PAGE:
Certain high-risk health-care workers in Ontario will be eligible for their second dose of the COVID-19 vaccine earlier than the expected fourth-month interval, the Ford government announced Monday.
Booking will begin for those eligible by the end of this week.
The province said the move is due to an increase in supply. Those included in the eligibility group includes high-risk health-care workers, dialysis patients and all First Nations, Inuit and Metis individuals.
The province expects to receive weekly shipments of more than 785,000 doses from Pfizer-BioNTech in May, and more than 938,000 doses per week next month.
“These groups face a greater risk of contracting and suffering serious illness from COVID-19,” the province said in a release on Monday.
“With a stable and predictable supply of vaccines, Ontario’s vaccine rollout continues to pick up speed, and we are on track to administer a first dose to 65 per cent of Ontario adults by the end of May,” Minister of Health Christine Elliott said.
On Monday it was also announced that other groups would become eligible throughout the week to begin booking their first shots in Ontario including people who cannot work from home, people aged 40 years and older in non-hot spot communities and those with certain at-risk health conditions.
Ontario is sending half its vaccine supply to designated COVID-19 hot spots for the next two weeks, and the government has said it hopes to allow all adults in the province to book shots by the end of the month.
On Monday, Ontario reported 2,716 new coronavirus cases, bringing the provincial total to 495,019. Ontario has also seen 8,327 total deaths since the onset of the pandemic in March 2020.
—With files from Gabby Rodrigues and The Canadian Press
The full list is below of those eligible for the shortened interval is below from the Ontario government:
- All hospital and acute care staff in frontline roles with COVID-19 patients and/or with a high-risk of exposure to COVID-19, including nurses and personal support workers and those performing aerosol-generating procedures:
- Critical Care Units
- Emergency Departments and Urgent Care Departments
- COVID-19 Medical Units
- Code Blue Teams, rapid response teams
- General internal medicine and other specialists involved in the direct care of COVID-19 positive patients
- All patient-facing health care workers involved in the COVID-19 response:
- COVID-19 Specimen Collection Centers (e.g., Assessment centers, community COVID-19 testing locations)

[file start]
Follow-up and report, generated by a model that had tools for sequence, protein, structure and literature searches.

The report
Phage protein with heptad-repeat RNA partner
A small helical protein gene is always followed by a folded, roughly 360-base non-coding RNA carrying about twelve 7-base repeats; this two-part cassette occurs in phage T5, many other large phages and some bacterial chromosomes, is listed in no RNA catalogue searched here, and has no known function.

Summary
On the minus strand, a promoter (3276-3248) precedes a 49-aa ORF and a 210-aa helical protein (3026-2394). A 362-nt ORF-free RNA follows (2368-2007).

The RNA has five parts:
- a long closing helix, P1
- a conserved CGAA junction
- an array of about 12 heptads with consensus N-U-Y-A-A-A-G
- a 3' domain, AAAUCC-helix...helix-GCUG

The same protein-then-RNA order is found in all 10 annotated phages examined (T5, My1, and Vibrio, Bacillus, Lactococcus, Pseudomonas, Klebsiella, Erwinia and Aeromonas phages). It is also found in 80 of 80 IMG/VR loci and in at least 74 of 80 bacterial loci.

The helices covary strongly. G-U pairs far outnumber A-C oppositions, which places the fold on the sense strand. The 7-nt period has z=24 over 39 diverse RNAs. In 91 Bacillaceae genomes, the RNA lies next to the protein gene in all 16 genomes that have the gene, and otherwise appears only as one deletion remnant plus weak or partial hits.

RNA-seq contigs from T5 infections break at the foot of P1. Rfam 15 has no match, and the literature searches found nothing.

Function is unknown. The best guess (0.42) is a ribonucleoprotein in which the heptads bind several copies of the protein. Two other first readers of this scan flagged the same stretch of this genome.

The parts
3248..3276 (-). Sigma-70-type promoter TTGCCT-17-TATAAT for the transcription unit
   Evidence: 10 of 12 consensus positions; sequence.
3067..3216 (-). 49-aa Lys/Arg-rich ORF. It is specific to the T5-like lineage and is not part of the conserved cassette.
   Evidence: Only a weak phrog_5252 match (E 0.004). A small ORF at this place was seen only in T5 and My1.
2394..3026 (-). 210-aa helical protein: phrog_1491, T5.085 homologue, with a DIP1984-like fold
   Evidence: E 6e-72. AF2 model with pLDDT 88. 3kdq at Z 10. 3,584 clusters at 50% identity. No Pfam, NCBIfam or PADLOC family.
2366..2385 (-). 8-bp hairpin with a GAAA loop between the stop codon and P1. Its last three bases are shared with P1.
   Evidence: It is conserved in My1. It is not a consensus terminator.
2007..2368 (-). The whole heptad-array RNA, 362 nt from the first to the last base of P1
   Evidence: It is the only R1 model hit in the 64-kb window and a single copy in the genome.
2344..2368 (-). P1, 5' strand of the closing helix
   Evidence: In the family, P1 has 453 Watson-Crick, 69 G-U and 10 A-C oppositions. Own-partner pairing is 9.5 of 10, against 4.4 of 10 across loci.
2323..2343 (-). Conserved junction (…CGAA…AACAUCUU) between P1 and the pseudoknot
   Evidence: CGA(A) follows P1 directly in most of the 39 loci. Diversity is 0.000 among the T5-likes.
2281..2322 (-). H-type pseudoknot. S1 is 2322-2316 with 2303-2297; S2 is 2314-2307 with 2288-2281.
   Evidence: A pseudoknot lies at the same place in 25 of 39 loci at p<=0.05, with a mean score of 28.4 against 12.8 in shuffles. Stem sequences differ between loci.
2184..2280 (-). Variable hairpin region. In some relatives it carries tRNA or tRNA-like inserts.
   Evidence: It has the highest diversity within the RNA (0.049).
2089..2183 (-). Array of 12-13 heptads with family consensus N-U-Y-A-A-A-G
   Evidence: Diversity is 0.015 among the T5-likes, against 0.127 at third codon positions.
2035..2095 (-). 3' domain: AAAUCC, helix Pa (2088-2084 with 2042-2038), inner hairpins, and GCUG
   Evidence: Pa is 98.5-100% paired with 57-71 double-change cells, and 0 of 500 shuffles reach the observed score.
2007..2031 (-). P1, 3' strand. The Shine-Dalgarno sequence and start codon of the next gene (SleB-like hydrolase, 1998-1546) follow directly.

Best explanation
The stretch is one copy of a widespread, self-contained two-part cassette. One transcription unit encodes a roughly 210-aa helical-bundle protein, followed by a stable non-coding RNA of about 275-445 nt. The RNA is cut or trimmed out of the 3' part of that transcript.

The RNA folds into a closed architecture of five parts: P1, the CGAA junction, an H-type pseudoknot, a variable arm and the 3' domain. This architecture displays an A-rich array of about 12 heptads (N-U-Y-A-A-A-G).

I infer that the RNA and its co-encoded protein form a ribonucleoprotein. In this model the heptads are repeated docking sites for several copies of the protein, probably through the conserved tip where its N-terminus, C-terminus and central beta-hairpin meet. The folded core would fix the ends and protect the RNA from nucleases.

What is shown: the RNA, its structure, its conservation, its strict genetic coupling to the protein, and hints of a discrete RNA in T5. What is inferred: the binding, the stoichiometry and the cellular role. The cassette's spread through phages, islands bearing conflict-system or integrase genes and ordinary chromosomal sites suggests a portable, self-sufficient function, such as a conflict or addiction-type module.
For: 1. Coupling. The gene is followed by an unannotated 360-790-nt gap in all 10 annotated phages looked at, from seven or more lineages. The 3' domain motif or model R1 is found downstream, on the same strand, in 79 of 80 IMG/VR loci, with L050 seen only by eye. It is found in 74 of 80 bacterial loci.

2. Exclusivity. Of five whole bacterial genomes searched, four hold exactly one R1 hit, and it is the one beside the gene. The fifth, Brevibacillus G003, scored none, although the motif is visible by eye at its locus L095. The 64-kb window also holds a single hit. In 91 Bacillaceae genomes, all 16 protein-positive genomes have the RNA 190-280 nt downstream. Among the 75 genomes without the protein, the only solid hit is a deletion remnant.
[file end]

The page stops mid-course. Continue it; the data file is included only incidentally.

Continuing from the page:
- Teams supporting outbreak response (e.g., IPAC teams supporting outbreak management, inspectors in the patient environment, redeployed health care workers supporting outbreaks or staffing crisis in congregate living settings)
- COVID-19 vaccine clinics and mobile immunization teams
- Mobile Testing Teams
- COVID-19 Isolation Centers
- COVID-19 Laboratory Services
- Current members of Ontario’s Emergency Medical Assistance Team (EMAT) who may be deployed at any time to support an emergency response
- Medical First Responders
- Firefighters providing medical first response as part of their regular duties
- Police and special constables providing medical first response as part of their regular duties
- Community health care workers serving specialized populations including:
- Needle exchange/syringe programs and supervised consumption and treatment services
- Indigenous health care service providers including but not limited to:
- Aboriginal Health Access Centers, Indigenous Community Health Centers,
- Indigenous Interprofessional Primary Care Teams, and Indigenous Nurse Practitioner-Led Clinics
- Long-term care home and retirement-home health care workers, including nurses and personal support workers and Essential Caregivers
- Individuals working in Community Health Centers serving disproportionally affected communities and/or communities experiencing highest burden of health, social and economic impacts from COVID-19
- Critical health care workers in remote and hard to access communities, e.g., sole practitioner
- Home and community care health care workers, including nurses and personal support workers caring for recipients of chronic homecare and seniors in congregate living facilities or providing hands-on care to COVID-19 patients in the community